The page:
KANSAS CITY, Mo. – With the Major League Baseball season kicking off less than six weeks away, there are questions about how you’ll be able to watch the Kansas City Royals play this season.
Bally Sports’ parent company, Diamond Sports Group, says it is billions of dollars in debt.
That figure was $8.6 billion at the conclusion of last season. This week he skipped interest payments owed to teams like the Royals, setting off a countdown that could change Royals broadcasting as we know it.
After missing $140 million in interest payments, Bally Sports’ parent company has 30 days to avoid bankruptcy. This could affect 14 major league teams, including the Royals, which could cancel their contracts with the broadcaster.
The tricky part is that there’s less than two weeks between the end of that grace period and the Royals’ opening day.
University of Kansas Journalism and Mass Communications Asst. Professor Chris Etheridge says Bally Sports’ problems stem from the big changes in how fans consume sports that have emerged in just the three seasons since the Sinclair Broadcasting subsidiary took over the broadcast duties of Royals, the sports streaming it doubled.
“That’s why a company like Bally is really struggling because it relies on cable subscribers to fund most of its operations,” Etheridge said.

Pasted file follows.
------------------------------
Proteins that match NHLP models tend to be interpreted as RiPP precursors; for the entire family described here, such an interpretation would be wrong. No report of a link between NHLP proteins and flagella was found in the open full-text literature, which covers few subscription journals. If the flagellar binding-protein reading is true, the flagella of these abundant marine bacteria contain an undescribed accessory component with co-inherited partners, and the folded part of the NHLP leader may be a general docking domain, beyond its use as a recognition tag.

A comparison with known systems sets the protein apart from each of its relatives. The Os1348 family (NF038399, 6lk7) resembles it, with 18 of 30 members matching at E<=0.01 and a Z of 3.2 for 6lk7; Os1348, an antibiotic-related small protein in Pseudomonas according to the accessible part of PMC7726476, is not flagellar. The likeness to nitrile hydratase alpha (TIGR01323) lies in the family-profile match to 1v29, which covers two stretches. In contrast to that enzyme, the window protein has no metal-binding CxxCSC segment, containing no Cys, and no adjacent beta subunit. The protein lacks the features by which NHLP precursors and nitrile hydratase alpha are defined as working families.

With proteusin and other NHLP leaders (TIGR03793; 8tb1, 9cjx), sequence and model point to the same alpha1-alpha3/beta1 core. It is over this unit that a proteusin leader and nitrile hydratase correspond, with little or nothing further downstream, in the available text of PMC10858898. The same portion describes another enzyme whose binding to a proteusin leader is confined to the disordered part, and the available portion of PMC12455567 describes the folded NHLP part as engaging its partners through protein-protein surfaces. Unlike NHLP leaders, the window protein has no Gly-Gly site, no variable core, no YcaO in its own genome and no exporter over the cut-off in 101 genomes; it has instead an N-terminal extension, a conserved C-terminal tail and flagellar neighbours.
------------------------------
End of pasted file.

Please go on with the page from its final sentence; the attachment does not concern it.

Without as much from traditional revenue, Bally appears to have struggled to get enough fans to sign up for their $20 monthly streaming service. It owes $1 billion in royalty payments primarily to baseball teams in the first quarter of this year.
The Royals said in a statement Friday, “MLB has focused on this and has put in place a number of contingencies to make sure fans have access to our games. We’ve had numerous conversations with MLB and there is no higher priority.”
The MLB commissioner spoke about what Wednesday might look like with the league possibly taking over broadcast duties for teams like the Royals.
“We think it will be both linear in the traditional cable bundle and digital on our platforms, but that remains to be seen,” said MLB Commissioner Rob Manfred.
“It looks like MLB has short-term fixes in place, so you’ll be able to watch games, but long-term how revenue will recover for many of these teams in 14 out of 30 markets there’s a lot of question marks there,” Etheridge said.
All at a time when the Royals plan to eventually fund part of a downtown stadium and baseball village.
Despite the uncertainty, Etheridge says, “they’ll figure out how to get their product into your home. It might look a little different, but they’re interested in keeping us all as fans.”